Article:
I study the intersection between history, philosophy, and sociology of mathematics. I am a Marie Skłodowska-Curie postdoctoral fellow in the STS program at MIT, and I have a Ph.D. in history and philosophy of science from Tel Aviv University.
My work aims to offer a new vision of the development of mathematics that focuses on the interactions between mathematics and society: to view it as comprised of the complex and profound connections between individual mathematicians, the community they are part of, the standards and norms they are committed to, and the cultural, political, and social contexts in which they operate. My research project, Mathematics, Reality, and Us, examines how, to which extent, and if at all, mathematical objects are created, shaped, or affected by social factors. Historically, I am interested in specifying how rejected but high-profile theories contribute to and impact mainstream discussions. Philosophically, I am interested in how the social organization of scientific knowledge affects our understanding of the concepts of truth and objectivity. Sociologically, I am interested in the interactions between individual scientists and the scientific community, the establishment of scientific norms, and the development of social constructs.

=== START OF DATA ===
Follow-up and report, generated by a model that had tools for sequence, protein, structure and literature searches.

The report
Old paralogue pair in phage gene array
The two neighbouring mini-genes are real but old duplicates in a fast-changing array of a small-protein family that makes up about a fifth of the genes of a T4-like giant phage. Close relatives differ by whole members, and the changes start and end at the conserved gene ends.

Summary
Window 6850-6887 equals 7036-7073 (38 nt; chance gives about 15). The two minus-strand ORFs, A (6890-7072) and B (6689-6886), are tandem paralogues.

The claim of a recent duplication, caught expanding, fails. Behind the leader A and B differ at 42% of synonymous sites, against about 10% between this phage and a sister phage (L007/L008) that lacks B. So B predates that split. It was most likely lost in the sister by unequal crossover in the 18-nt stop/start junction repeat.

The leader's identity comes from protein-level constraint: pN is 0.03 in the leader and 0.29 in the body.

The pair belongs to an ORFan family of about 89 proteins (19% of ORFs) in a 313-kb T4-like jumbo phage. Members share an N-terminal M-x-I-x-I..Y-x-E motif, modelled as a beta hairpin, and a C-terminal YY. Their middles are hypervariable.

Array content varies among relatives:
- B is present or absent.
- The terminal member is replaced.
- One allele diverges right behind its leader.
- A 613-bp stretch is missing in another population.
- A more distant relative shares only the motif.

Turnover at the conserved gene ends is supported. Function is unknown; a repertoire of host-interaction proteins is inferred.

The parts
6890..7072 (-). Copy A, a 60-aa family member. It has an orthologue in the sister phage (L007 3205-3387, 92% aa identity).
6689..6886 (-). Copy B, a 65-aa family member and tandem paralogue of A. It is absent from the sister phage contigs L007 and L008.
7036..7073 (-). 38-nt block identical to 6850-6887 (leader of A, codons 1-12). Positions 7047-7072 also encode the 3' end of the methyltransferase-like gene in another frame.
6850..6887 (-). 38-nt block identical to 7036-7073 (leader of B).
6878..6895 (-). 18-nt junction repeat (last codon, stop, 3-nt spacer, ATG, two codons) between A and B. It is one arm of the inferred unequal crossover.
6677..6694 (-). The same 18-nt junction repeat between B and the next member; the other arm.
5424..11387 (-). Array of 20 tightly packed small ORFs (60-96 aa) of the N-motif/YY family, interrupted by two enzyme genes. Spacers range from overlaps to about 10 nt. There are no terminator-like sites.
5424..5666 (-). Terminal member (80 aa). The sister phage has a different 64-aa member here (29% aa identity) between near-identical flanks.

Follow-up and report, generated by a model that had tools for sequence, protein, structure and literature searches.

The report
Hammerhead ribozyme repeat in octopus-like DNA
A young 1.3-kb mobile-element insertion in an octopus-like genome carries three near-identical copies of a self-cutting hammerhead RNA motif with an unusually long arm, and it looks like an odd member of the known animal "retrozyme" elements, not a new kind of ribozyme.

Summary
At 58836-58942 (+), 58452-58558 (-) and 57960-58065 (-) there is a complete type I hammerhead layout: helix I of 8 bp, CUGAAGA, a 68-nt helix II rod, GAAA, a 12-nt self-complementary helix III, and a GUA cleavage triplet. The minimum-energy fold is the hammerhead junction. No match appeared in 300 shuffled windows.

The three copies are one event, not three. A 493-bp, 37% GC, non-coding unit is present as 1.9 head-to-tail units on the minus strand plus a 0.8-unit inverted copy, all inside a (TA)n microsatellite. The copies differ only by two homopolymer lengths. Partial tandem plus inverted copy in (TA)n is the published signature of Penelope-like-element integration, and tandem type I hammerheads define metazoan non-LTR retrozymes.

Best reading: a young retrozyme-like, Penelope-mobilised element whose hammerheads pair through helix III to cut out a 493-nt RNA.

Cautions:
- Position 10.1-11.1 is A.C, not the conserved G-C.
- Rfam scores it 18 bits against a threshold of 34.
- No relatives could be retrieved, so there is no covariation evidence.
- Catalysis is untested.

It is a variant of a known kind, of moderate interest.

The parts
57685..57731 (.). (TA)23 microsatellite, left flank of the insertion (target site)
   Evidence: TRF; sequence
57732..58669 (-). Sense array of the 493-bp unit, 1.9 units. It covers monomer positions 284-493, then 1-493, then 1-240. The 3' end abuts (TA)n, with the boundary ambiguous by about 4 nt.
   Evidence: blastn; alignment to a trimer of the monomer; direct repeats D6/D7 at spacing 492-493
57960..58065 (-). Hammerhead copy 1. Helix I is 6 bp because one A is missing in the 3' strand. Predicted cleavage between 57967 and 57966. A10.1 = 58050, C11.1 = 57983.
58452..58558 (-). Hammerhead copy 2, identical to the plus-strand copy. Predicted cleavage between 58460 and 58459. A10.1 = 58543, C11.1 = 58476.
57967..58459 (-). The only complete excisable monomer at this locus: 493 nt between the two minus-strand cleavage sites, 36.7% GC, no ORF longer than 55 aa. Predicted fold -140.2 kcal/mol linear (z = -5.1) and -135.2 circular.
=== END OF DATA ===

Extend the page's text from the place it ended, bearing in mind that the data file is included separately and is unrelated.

Another project I am working on is The Social Triangle, which combines philosophy of science with cultural evolution studies to develop a new conceptual framework for understanding individuals' attitudes toward social norms. The project zooms in on three core concepts in human behavior: social identity, social norms, and human groups. It focuses on processes of internalization of social norms and of social identity in an attempt to understand how such processes affect people’s identification with their groups and their decision to join, stay, or leave social groups.